In one embodiment, the device is pressurized for up to 100 milliseconds, and then slowly depressurizes. The device may also comprise at least one section sensitive to over-pressurization so that the sidewall of the section will burst upon over-pressurization. Such a section would be beneficial when the passenger is positioned close to the instrument panel or for out-of-position deployments.

Fluid generators typically comprise gas generants, a squib, and wire terminals. The wire terminals are connected to a sensor. When the sensor detects an impact, the wire terminals send a signal to the squib. The squib ignites and causes the gas generants to activate and rapidly generate gas. The fluid generating cylinder may be attached to the sections of the telescoping mechanism by a lip at the base of the outermost section. In addition, an o-ring may be positioned inside the lip of the outermost section to seal the telescoping mechanism sections to the fluid generating cylinder.

FIGS. 6A through 6F show perspective views of an embodiment of the safety bolster in different stages of deployment. FIG. 6A is a view of the device in the collapsed, stored position. FIGS. 6B-6E show progressively extended positions and FIG. 6F shows the safety bolster in its fully extend position. Fluid generator 50 is an example of a fluid generating means for rapidly introducing fluid into the extending means.

The device may be mounted on any portion of an automobile for which restraint of a passenger is described. The illustrated embodiment is designed to be mounted in an automobile instrument panel, with front face 22 facing the knees and lower legs of a passenger of the automobile. This knee bolster embodiment may be mounted on the automobile's cross-car beam. In another embodiment, the device may be mounted in a door panel as a pelvic restraint.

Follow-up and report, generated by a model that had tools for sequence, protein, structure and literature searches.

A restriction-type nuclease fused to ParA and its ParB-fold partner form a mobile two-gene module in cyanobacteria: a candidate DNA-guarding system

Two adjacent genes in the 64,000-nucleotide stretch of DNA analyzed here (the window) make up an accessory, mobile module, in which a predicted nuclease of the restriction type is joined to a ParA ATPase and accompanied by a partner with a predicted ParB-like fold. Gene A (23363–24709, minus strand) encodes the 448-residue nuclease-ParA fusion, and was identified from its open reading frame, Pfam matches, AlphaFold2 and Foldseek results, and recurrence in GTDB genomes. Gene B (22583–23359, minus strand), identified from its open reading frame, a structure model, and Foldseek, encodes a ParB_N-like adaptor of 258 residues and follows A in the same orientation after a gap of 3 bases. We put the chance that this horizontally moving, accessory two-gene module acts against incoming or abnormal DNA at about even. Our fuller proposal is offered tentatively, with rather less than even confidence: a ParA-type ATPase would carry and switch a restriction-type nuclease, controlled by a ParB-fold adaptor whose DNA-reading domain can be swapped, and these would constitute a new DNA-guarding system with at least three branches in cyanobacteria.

Without further elaboration, it is believed that one skilled in the art can use the preceding description to utilize the invention to its fullest extent. The examples and embodiments disclosed herein are to be construed as merely illustrative and not a limitation of the scope of the present invention in any way. It will be apparent to those having skill in the art that changes may be made to the details of the above-described embodiments without departing from the underlying principles of the invention. In other words, various modifications and improvements of the embodiments specifically disclosed in the description above are within the scope of the appended claims. The scope of the invention is therefore defined by the following claims. It will be obvious to those having skill in the art that many changes may be made to the details of the above-described embodiments without departing from the underlying principles of the invention. The scope of the present invention should, therefore, be determined only by the following claims. Note also that elements recited in means-plus-function format are intended to be construed in accordance with 35 U.S.C. 1126.

Patent Citations
Cited PatentFiling datePublication dateApplicantTitle
US3715130 *Nov 2, 1970Feb 6, 1973M HamazakiShock absorbing device for protecting a rider in a high speed vehicle such as automobile
US3907326 *Jul 28, 1972Sep 23, 1975Gen Motors CorpOccupant knee restraint
US5549327 *May 16, 1995Aug 27, 1996Lignotock GmbhShock absorber for improving safety in passenger compartments in motor vehicles
US6641166May 25, 2001Nov 4, 2003General Motors CorporationExtendable and retractable knee bolster system
US20020125691May 2, 2002Sep 12, 2002Conlee James KentPassenger side active knee bolster
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US20030184070Nov 26, 2002Oct 2, 2003Visteon Global Technologies, Inc.Collapsible support
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Referenced by
Citing PatentFiling datePublication dateApplicantTitle
US8262131 *Jul 21, 2009Sep 11, 2012Ford Global Technologies, LlcAutomotive knee bolster system
Classifications
U.S. Classification280/753
International ClassificationB60R21/04
Cooperative ClassificationB60R2021/024, F15B15/16, B60R2021/0246, B60R2021/0273, B60R21/02, F15B15/19, B60R2021/0051
European ClassificationF15B15/19, F15B15/16, B60R21/02
Legal Events
DateCodeEventDescription
Oct 4, 2011FPAYFee payment
Year of fee payment: 4
May 11, 2005ASAssignment
Owner name: AUTOLIV ASP, INC., UTAH
Free format text: ASSIGNMENT OF ASSIGNORS INTEREST;ASSIGNORS:ENDERS, MARK L.;GREEN, DAVID J.;REEL/FRAME:016567/0506
Effective date: 20050428